Experian: Only through financial awareness can we promote social inclusion

Steve Thomas, Managing Director of Strategy, Experian UK&I.

It’s a truism to say that the high quality decisions are made on lending when there is a comprehensive set of relevant financial data available.

Yet sadly, for millions of people in the UK a lack of information could be hampering their access to appropriate mainstream financial services, leading to a scenario where people could be paying more for goods and services and have less choice about those services. Clearly, that’s not in the interests of consumers, and it doesn’t help lenders necessarily advise and support their customers and prospects well either.

Recent Experian analysis, conducted ahead of Credit Awareness Week 2018, has found there are over four million ‘thin-file’ consumers in the UK. Of those four million, an estimated 1.2 million are in categories whose household income is forecast to contract over the next few years. That’s a sizeable, addressable market that could be falling through the cracks, missing out on appropriate access to finance.

These people in the ‘squeezed middle’, who are working and earning, but often struggle to make ends meet each month, would be among the most affected by an economic slowdown.

This group tend to come from five consumer profiles:

  1. Balancing Budgets: Families in their middle years balancing expenses with average incomes (356,100)
  2. Seasoned Economy: Pre-retirement households who are experienced at making ends meet (214,000)
  3. Single Endeavours: Young single people working to establish themselves with low levels of financial commitments (303,600)
  4. Young Essentials: Young people in their 20s, renting affordable accommodation (125,700)
  5. Stretched Finances: Middle aged adults with limited incomes (224,700)

Each group also tend to be distributed a little differently throughout the country. For example, the Single Endeavours group are much more likely to be based in London, where 32.6% of them live. In contrast 20.7% of the Young Essentials call the North West their home, along with the biggest cluster of the Stretched Finances, at 17.4%.

When people apply for credit, lenders call upon their credit report from one or more credit reference agencies to help decide whether to lend. While many people’s reports contain a wealth of relevant information on which to base a decision, there is a percentage of people who have so called thin files, and some who have no credit file at all.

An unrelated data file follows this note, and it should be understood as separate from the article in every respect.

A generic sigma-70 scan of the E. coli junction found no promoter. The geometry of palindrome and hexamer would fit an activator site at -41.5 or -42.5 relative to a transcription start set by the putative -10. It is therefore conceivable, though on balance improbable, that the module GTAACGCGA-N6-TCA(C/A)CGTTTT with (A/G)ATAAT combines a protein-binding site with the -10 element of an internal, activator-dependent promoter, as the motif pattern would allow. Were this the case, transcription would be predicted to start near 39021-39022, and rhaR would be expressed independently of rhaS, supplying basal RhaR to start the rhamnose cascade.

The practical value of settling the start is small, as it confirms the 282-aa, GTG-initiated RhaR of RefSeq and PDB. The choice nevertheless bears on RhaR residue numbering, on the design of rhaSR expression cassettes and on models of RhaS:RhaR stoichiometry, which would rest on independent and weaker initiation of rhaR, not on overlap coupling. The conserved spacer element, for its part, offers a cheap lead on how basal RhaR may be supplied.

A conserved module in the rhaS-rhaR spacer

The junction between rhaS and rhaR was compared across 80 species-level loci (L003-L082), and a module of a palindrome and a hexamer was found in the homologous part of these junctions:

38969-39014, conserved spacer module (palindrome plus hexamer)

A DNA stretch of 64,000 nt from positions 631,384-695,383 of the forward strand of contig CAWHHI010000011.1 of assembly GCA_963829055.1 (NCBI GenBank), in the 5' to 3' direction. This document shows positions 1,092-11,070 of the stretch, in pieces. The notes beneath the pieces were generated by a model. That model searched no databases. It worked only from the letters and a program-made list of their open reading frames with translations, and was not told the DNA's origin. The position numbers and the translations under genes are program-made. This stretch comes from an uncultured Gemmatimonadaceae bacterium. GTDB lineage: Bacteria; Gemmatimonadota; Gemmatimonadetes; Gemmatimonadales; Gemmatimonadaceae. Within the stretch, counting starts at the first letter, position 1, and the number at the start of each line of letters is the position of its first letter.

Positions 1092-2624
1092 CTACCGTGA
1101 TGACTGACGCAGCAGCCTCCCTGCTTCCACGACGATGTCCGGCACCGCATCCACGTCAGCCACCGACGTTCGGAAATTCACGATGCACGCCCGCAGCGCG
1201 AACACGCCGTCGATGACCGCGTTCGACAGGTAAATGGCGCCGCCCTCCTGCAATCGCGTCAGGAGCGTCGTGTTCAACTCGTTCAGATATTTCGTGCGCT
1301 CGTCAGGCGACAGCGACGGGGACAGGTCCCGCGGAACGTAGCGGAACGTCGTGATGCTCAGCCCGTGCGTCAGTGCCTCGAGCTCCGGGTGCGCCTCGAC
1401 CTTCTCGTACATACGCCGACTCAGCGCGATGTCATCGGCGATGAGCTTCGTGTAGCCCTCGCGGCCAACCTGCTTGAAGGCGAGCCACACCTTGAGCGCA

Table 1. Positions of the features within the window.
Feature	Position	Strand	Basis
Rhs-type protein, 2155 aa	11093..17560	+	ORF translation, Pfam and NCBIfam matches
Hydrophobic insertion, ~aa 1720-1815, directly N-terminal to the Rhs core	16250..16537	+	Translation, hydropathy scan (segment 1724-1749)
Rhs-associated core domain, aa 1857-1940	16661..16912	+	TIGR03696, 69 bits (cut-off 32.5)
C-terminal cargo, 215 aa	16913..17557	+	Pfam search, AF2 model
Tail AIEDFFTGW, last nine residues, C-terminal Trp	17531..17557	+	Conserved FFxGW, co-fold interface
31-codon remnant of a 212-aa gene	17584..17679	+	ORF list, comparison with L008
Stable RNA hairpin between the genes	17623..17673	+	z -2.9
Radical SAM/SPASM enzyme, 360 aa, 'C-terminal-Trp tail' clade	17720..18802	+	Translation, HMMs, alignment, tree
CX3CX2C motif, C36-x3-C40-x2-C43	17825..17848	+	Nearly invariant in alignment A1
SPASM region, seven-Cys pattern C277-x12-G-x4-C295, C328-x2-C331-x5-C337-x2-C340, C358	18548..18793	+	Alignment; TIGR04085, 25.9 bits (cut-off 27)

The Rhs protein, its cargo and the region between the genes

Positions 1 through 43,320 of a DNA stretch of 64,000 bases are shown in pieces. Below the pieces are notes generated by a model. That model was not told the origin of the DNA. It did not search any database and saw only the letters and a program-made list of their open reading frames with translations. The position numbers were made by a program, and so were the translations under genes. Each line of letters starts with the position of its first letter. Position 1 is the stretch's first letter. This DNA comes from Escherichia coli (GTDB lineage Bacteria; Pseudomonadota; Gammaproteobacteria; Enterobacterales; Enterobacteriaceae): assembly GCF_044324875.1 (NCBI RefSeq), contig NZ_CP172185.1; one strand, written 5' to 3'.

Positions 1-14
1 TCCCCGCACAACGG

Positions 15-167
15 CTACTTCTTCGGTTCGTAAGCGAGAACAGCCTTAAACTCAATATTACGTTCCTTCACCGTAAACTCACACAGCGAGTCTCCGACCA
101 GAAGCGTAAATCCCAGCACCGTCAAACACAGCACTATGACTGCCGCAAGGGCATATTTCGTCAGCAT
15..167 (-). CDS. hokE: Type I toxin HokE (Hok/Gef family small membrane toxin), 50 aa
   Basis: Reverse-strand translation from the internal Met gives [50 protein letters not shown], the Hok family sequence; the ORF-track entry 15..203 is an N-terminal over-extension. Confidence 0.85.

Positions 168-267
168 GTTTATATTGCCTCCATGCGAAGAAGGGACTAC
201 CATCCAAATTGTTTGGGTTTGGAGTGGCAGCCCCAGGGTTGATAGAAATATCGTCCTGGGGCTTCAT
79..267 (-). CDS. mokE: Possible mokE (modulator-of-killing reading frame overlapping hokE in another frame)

The obvious thin file impact is low credit score and limited borrowing options, certainly at the most competitive interest rates. It can also hamper online identity verification, making it difficult for consumers to access a wider range of services, including those provided by the public sector, which should be a serious area of concern. Where the public can’t access services, from the stat or private service providers, there’s a lost value on all sides.

We believe that this group of thin file consumers’ financial situation could be significantly helped through the availability of new, relevant data sources, to build out those thin files, improve their financial access and, therefore, help deliver better outcomes for the public.

At Experian we have pushed for new, more appropriate data sources to be brought into the equation. For example, our work with The Big Issue Invest on the Rental Exchange, which will recognise rent payments on credit reports for the first time, means that, as things currently stand, 1.2 million social housing tenants are in line to benefit and we expect 83% to see a noticeable improvement to their scores as a result of this new data.

The launch of Open Bank APIs into the UK banking system is also a landmark event, offering up additional, relevant data sources that can drive better decisions, wider financial access, more tailored product and a better customer experiences.

It is incumbent on all of us – the business community, policy makers, regulators, consumer groups – to work together to help people understand what information exists about them, where it goes, what it means, and how they can use it to better their own situations.

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